Growing up, my Mom used to tell us boys, “Don’t expect too much and you won’t be disappointed.”
I guess we Braves fans expect too much. The successful run of the 1990s and early 2000s spoiled us, and now we feel the Braves let us down when they don’t make the playoffs.
This season’s September meltdown was downright disappointing, if not disastrous. Glancing at empty stands during television broadcasts in the final month, a lot of people obviously had the same feelings.
A playoff spot was still in reach until the team was eliminated from the wild card race on Sept. 21. This downfall was sad, but not quite as dramatic as the one we witnessed in 2011. In 2011, the Braves lost 18 of their final 26 games and blew an 8.5 game lead in the wild card standings in the final few weeks of the season. And then, to add to our misery, the Braves lost to the Phillies in the 13th inning of the season’s last game after leading in the ninth. That loss eliminated them from the playoffs.
The 2014 season started with great optimism. Despite spring training injuries to pitchers Kris Medlen and Brandon Beachy, the Braves moved fast and secured Aaron Harang and Ervin Santana, even going over budget to do so. These two performed admirably. Then Alex Wood stepped up to become one of the top young southpaws in the majors.
But the offense sputtered, especially in September. Actually, it all but disappeared. Too many strikeouts. Very few home runs. Can’t get runners on, and then when runners do get on base, they are left stranded inning after inning. Can’t fix their swings. Kept putting overpaid and under-producing players in the lineup. The players didn’t quit, officials claimed, but it looked like they were just going through the motions.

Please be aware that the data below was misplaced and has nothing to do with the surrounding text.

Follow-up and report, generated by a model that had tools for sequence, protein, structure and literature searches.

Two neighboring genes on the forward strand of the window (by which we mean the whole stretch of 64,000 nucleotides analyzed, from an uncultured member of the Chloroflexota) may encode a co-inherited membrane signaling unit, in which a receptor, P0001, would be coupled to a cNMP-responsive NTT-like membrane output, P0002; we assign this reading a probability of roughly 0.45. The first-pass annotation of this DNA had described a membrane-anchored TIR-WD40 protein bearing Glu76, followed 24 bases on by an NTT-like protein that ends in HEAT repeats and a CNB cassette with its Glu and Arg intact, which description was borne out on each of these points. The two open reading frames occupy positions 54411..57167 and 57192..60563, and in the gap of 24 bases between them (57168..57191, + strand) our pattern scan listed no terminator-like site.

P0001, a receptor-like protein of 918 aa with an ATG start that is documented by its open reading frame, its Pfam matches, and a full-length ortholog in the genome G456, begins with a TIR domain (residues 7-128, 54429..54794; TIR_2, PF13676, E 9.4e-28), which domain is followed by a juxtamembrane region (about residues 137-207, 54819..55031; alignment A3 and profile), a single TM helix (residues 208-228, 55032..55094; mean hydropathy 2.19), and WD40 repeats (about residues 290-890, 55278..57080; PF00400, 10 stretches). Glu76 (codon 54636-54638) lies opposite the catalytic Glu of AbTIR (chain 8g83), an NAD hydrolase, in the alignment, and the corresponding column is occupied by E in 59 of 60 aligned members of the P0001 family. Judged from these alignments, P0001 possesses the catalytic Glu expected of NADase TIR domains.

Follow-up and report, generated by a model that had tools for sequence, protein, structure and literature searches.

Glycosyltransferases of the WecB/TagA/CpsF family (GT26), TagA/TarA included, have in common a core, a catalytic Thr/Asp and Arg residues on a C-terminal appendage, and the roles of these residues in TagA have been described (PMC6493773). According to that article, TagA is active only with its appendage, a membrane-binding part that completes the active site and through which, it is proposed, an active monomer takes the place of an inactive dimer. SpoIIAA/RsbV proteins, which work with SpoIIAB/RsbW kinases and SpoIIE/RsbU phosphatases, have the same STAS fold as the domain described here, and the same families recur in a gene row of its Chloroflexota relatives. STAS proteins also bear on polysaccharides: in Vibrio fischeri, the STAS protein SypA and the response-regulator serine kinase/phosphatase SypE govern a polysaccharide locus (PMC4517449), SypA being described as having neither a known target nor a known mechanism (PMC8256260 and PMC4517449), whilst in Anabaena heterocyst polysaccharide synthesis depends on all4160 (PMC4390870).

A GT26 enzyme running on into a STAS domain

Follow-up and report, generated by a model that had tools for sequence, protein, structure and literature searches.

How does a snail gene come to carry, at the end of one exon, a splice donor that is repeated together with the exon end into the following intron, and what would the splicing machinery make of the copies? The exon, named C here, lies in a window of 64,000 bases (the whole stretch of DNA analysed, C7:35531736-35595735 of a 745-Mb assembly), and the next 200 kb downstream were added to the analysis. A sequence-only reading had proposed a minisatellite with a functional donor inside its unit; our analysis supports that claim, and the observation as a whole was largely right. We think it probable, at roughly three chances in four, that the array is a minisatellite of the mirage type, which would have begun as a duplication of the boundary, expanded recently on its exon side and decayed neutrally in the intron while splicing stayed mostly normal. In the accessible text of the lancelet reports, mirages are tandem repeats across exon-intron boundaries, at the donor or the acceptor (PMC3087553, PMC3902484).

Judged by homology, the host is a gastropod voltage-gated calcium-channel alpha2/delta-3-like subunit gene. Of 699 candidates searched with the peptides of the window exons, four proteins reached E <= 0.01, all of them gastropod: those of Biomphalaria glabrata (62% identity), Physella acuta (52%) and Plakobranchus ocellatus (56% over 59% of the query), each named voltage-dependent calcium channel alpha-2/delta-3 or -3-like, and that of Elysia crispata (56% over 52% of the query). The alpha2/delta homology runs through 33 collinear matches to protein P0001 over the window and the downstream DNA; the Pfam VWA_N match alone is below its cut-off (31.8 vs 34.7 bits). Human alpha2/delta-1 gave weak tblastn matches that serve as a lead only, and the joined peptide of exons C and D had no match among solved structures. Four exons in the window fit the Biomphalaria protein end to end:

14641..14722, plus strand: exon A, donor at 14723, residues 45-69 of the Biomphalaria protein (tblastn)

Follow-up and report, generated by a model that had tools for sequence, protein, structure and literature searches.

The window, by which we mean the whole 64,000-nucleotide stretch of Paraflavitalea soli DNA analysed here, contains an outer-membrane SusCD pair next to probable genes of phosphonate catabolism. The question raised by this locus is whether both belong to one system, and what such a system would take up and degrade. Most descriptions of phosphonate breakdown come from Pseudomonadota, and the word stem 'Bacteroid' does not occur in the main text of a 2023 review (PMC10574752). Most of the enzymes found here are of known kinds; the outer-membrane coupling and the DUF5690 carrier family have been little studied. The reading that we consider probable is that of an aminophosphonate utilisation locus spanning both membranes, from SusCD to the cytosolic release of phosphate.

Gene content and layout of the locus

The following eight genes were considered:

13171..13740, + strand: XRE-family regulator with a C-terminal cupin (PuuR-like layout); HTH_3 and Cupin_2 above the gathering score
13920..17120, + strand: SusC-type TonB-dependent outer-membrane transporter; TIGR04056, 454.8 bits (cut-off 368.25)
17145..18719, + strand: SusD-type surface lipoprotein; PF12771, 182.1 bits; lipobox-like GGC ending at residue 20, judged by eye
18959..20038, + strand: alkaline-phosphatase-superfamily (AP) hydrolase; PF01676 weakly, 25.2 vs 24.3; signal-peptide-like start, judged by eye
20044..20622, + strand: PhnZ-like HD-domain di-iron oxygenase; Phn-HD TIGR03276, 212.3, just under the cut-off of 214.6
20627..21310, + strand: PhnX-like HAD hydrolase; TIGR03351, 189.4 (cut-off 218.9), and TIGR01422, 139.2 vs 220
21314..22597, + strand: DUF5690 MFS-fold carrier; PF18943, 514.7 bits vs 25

Mercifully, an 83-loss, under-.500 season is over.
Which brings us back to disappointment. I’m not a psychologist, nor have I stayed in a Holiday Inn Express recently, but I know what it’s like to experience that dramatic letdown that comes when expectations aren’t met.
Michael Ashworth wrote, “Disappointment results from thoughts and expectations being out of line with reality … Even if you think your expectations are appropriate and realistic, they may not be realistic at all.” (Ashworth, www.psychcentral.com, “Dealing with Disappointment”).
Dr. Mary Lamia says disappointment is connected to sadness and loss.
“Disappointment comes with finality, the recognition that you don’t have, didn’t get, or will never achieve whatever it is you wanted … when you consider what might have been, in contrast to what exists in the present, you may experience disappointment.” (Lamia, www.psychologytoday.com, “Intense Emotions and Strong Feelings,” November 19, 2011).
Some disappointments are preventable, while others are totally unavoidable. You can’t control the choices someone you love makes, yet their poor judgment or bad decisions impact your life. Sometimes trust is broken. Sometimes ball players strike out with bases loaded and the game on the line. Sometimes people fail you.
Disappointment comes from living in a fallen world in which people mess up, or crises happen, or things don’t go our way.
How do we deal with disappointment?
First, accept the fact that you can’t control every outcome. Things will not always go your way, so be flexible enough to adapt. Accept the reality that God is in control and can use any circumstance for our good and for His glory. One thing you can determine is how you respond to any potential disappointing circumstance.
Second, set realistic expectations. Realign your thinking. Your child is a child and not a professional. He’s growing and learning, and so are you.
Third, learn to be content where you are. Sometimes, dissatisfaction is rooted in discontent, and discontent normally comes because we’re not thankful for what we have and where we are.
Fourth, trust the Lord every step of every day. God is God and we’re not, so we need to place our trust in Him. That means we don’t sweat the small stuff, and we run from the sin of worry. We give Him our disappointments and keep moving forward.
[Dr. David L. Chancey is pastor, McDonough Road Baptist Church, Fayetteville, Georgia. The church family gathers at 352 McDonough Road and invites you to join them this Sunday for Bible study at 9:45 a.m. and worship at 10:55 a.m. Visit them on the web at www.mcdonoughroad.org and “like” them on Facebook.]